Brimex Ltd v Begum Ltd

JurisdictionEngland & Wales
JudgeMR JUSTICE MORGAN
Judgment Date19 December 2007
Neutral Citation[2007] EWHC 3498 (Ch)
CourtChancery Division
Date19 December 2007
Docket NumberHC07C02821

[2007] EWHC 3498 (Ch)

IN THE HIGH COURT OF JUSTICE

CHANCERY DIVISION

Before:

Mr Justice Morgan

HC07C02821

Between
Brimex Ltd
Claimant
and
Begum
Defendant

Mr M Michell (instructed by Bowling & Co) appeared on behalf of the Claimant.

Mr N Ley (instructed by Burt Brill & Cordens) appeared on behalf of the Defendant.

MR JUSTICE MORGAN

The case in summary

1

The premises at 18 Theberton Street, Islington, London N1 are a restaurant which trades under the name of the Sacre Coeur. The defendant is the current freehold owner of the premises. There was formerly a lease of the premises to Mr Ergedon, but the term of that lease ended on 11 th or 12 th May 2006 and all parties accept that the tenancy created by that lease did not continue past that date pursuant to the provisions of Part II of the Landlord and Tenant Act 1954.

2

Before May 2006 and, in particular, on 1 st March 2005, Mr Ergedon entered into a written agreement with the claimant, Brimex Limited (“Brimex”). The agreement stated that it did not create the relationship of landlord and tenant. Brimex occupied the premises from March 2005 for the purposes of its business as a restaurant.

3

There were periods when rent was not paid to the freeholder of the premises, but that was because of a dispute between the then freehold owners. There is no suggestion that a tenancy binding the freeholder came into existence after May 2006 by reason of payment and acceptance of rent.

4

In October 2007 the defendant changed the locks of the restaurant. Brimex applied for and obtained an injunction, letting it back into the restaurant. A speedy trial was ordered. Brimex says that the agreement of 1 st March 2005 created a sub-tenancy in its favour for 12 months to 1 st March 2006, and that sub-tenancy continued after that date and indeed continued after May 2006 under Part II of the 1954 Act. After May 2006, when the headlease came to an end, it is said that Brimex became the direct tenant of the freeholder.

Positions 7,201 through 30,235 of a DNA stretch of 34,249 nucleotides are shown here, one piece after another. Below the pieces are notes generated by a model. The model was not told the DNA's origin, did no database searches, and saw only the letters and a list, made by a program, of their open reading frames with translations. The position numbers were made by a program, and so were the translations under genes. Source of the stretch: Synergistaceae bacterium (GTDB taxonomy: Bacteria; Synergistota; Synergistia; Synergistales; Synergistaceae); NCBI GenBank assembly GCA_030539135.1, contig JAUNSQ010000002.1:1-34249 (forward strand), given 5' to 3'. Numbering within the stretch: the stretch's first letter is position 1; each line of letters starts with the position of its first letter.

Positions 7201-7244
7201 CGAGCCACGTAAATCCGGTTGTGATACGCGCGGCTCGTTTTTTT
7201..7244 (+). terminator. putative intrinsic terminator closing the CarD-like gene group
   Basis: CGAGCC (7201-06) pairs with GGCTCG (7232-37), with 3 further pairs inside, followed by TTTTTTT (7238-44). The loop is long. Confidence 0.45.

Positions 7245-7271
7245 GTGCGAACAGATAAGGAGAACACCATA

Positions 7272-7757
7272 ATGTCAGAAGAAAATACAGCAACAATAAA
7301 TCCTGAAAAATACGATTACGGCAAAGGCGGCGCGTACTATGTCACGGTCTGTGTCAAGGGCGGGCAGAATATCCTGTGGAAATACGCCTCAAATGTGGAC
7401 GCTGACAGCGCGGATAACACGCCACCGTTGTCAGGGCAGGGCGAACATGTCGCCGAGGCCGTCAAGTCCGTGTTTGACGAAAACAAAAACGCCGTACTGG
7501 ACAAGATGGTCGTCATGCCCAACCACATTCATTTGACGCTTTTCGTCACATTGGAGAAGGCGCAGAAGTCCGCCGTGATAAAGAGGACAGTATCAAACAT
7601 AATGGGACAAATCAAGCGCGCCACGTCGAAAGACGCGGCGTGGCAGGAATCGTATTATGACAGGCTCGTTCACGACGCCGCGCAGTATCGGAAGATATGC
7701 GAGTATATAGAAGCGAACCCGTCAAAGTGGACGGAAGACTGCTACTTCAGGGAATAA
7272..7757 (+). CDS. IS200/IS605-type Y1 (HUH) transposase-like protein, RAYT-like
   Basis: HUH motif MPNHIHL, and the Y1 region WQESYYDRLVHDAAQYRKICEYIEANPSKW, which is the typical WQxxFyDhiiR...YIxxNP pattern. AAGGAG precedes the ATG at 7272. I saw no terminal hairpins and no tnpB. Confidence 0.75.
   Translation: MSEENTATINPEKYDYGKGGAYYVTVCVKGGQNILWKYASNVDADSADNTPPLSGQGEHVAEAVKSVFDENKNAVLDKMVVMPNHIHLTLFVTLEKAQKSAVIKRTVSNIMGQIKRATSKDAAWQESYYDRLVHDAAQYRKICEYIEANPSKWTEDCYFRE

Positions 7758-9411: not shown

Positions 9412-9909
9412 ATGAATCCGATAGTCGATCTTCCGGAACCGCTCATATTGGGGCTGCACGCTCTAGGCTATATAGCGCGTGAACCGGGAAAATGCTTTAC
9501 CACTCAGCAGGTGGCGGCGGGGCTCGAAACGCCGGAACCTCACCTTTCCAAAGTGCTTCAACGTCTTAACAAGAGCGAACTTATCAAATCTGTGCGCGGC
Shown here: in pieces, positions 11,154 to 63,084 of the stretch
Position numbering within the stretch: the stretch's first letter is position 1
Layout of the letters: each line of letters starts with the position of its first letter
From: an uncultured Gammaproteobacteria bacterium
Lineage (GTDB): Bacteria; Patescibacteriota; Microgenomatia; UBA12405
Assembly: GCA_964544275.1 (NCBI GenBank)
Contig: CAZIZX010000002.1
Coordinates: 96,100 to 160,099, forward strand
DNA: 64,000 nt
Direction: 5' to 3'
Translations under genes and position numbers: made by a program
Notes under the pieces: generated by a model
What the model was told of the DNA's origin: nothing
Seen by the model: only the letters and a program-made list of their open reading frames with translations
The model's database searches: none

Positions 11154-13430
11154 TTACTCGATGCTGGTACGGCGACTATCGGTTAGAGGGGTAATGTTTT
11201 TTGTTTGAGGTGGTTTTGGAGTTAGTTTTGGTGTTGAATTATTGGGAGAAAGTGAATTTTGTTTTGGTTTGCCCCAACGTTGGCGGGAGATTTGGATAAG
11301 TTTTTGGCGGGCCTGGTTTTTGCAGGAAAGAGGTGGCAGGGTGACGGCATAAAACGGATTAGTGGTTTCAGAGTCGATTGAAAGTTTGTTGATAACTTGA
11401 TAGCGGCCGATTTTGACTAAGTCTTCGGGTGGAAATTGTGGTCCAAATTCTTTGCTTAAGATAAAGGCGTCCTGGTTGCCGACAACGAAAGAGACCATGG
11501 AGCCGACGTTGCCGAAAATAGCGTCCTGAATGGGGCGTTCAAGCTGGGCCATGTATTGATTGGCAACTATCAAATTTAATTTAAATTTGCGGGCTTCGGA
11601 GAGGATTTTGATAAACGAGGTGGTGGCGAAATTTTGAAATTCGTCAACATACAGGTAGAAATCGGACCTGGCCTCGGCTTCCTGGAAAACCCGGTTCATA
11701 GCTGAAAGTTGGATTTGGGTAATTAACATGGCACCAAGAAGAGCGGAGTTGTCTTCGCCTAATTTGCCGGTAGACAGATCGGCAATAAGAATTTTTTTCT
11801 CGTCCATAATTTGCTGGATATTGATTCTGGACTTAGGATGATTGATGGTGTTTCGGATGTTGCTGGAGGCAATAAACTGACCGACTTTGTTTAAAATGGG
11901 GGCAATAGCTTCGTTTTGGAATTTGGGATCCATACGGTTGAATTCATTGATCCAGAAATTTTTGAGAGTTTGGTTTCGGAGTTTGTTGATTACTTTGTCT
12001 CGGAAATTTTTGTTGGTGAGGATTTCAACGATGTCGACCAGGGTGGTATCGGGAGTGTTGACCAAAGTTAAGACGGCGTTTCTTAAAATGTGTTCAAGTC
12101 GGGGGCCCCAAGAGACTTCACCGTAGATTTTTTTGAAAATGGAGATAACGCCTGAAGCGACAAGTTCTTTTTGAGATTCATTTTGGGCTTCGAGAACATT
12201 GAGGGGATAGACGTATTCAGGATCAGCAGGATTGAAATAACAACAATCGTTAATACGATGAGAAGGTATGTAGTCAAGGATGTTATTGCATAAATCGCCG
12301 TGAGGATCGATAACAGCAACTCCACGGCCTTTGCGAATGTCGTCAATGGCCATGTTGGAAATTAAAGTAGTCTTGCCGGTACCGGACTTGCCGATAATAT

The issues

5

The following issues now arise.

(1) What was the nature of the legal relationship created by the agreement of 1 st March 2005?

(2) If the agreement of 1 st March 2005 created a sub-tenancy of the premises, was that tenancy within Part II of the 1954 Act?

(3) If so, is that tenancy now directly binding on the freeholder?

(4) Was the grant of any such sub-tenancy a breach by Mr Ergedon of the headlease?

(5) Did Brimex induce the breach of contract by Mr Ergedon?

(6) Should an injunction be granted against Brimex or Mr Ergedon?

(7) Is Brimex entitled to damages resulting from the defendant changing the locks in October 2007?

The freehold

6

From around 1994 to some date in 2007 the freehold of the premises was vested in the defendant and another person. There appears to have been a dispute of some kind as to who was entitled to the rent payable under the headlease. On 23 rd August 2007 the solicitors for the defendant wrote to Mr Ergedon stating that the freehold had been transferred to the defendant alone. Subsequently, the defendant was registered as the sole proprietor of the freehold.

The headlease

7

The headlease was granted on 12 th May 1994. It was granted by the then joint freeholders, one of whom was the defendant. The premises were described as the ground floor and basement restaurant premises at 18 Theberton Street, London N1. The lease was for a term of 12 years from 12 th May 1994. The rent payable was subject to review. In the last three years of the lease the rent payable was £30,000 per annum.

8

By clause 3(12) of the lease the lessee covenanted:

“Not to assign, underlet, or otherwise part with possession of part only of the demised premises, nor to underlet the whole, and not without the express consent in writing to assign the whole, such consent not to be unreasonably withheld in the case of a respectable and responsible tenant whose references are submitted in writing, providing such consent shall not be unreasonably withheld in the case of a limited company which the landlord insist on suitable surety covenants being of the nature specified in the fourth schedule hereto.”

9

This clause prevents an underletting of the whole of the premises. There is, however, no prohibition on parting with possession of the whole of the premises.

10

On 14 th July 1998 the term of the lease was assigned to Mr Ergedon for a premium of £52,000. After the event, on 13 th November 1998 the landlords granted a licence to assign the term to Mr Ergedon. Mr Ergedon was a party to that licence and gave a direct covenant to the landlords to perform the tenant's covenants in the headlease.

The agreement of March 2005

11